Racing: Dittman pursues global ambition: The strong hand of 'The Enforcer' may attract second looks from the stewards in the spring. Richard Edmondson reports

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HE HAS changed his name, and now he wants to make it, worldwide. Mick Dittman, perhaps the best jockey operating south of the equator, is hoping to follow in the footsteps of his countrymen Scobie Breasley, George Moore and Bill Williamson and translate his domination of Australian racing to recognition in the northern hemisphere.

Born with the christian names Leonard Ross 42 years ago, Dittman is now known by either his adopted name or as 'The Enforcer', courtesy of his ability to wring the very last from his mounts.

This particular credential did much to attract the attention of Robert Sangster, for whom Dittman will ride in Britain for a portion of the summer. If this liaison flourishes, Dittman may return for a full season in 1994.

Dittman's decision to remove himself from Australian racing, and interrupt his never-ending story of success in the Antipodes, has surprised many. He is now one of that continent's top earners following a less than spoilt upbringing.

The son of a farm labourer, Dittman is from the Queensland bush town of Westwood, which is the sort of outpost, complete with large spider and frightened locals, depicted in certain lager advertisements on the television.

Six times the champion jockey in his home state, and three times the title winner in New South Wales, Dittman has recently been touched by a sense of fulfilment. In racing terms, he has seen it all and got the T-shirt.

'I seem to have reached the point where I've done everything there is to be done here in Australia,' he says. 'I'd like to go to England and ride Classic winners there to make it the pinnacle of my career.

'It doesn't seem to matter how well you do on your own dunghill, you've got to establish yourself globally and England seems to be the place they all recognise. And trying to establish myself at the top of the tree in England would be a hell of a challenge.'

That will not be the only challenge facing Dittman, who will need to take some style counsel before he reaches these shores. Finishes in Australia tend to be reminiscent of a wind farm, as jockeys attend to their mounts with rotating sweeps of the whip.

'The Enforcer' insists that the majority of these swipes land just short of his partners' bodies, but this technique will test the eyesight of most of the stewards around the nation.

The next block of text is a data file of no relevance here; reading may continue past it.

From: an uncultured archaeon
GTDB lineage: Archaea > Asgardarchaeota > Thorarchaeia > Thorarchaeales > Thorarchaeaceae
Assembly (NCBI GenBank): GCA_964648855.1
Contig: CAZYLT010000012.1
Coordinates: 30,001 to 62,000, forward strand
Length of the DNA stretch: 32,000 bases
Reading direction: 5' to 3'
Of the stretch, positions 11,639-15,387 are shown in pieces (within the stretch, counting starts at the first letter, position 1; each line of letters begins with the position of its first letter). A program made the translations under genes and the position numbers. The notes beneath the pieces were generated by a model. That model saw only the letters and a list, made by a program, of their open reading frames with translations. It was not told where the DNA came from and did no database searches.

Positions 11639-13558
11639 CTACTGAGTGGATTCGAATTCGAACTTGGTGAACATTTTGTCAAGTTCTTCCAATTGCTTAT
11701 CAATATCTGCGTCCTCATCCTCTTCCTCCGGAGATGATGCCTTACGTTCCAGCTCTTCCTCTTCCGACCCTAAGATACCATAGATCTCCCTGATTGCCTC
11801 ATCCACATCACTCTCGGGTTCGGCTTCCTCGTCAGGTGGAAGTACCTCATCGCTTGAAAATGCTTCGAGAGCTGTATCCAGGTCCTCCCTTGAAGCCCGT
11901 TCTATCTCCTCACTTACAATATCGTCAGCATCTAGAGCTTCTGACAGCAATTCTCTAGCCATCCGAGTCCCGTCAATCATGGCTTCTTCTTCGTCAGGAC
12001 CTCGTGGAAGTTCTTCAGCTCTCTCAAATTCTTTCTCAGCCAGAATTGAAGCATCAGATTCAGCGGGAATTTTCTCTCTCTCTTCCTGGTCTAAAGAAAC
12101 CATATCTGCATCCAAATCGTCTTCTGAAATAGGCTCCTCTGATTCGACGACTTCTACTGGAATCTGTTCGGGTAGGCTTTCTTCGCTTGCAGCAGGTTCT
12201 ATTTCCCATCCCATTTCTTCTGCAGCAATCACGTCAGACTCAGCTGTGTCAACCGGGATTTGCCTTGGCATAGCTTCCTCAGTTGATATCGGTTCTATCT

'I will have to adapt to the style of riding to a certain extent, but I don't see that as being a problem,' Dittman says. 'It's not something that will come straight away, but I hope to pick it up pretty quickly. It's like the old saying 'when in Rome, do as the Romans do'.'

Some of these home boys will be familiar to Dittman from international events, but the settings will be fresh. The jockey's only appreciation of riding here is via the video.

Dittman's manoeuvres on foreign soil, which are expected to last three months, will be sandwiched between commitments at home. Before he arrives here at Easter, the jockey will cultivate the rich late-season prizes of Sydney and Melbourne, and his mind will never be far away from a partnership with Naturalism, second in November's Japan Cup. Dittman needs to be back in Australia to prepare the horse for this year's Tokyo race.

In the meantime, he is hoping to find other performers of merit in the yard of Peter Chapple-Hyam, Sangster's main trainer. 'A lot will depend on the quality of horses in Peter Chapple-Hyam's stable, but there are other factors like my earning capacity, whether I like living in England and whether they like me as their rider,' Dittman says.

'But I'm looking forward to it as I've always had an idea that I'd like to give it a try. Once you get among the sort of horses and trainers there are over there, and you get the opportunities to ride in France and America - all the best horses and all the big races - that's what makes the whole thing exciting.'

(Photograph omitted)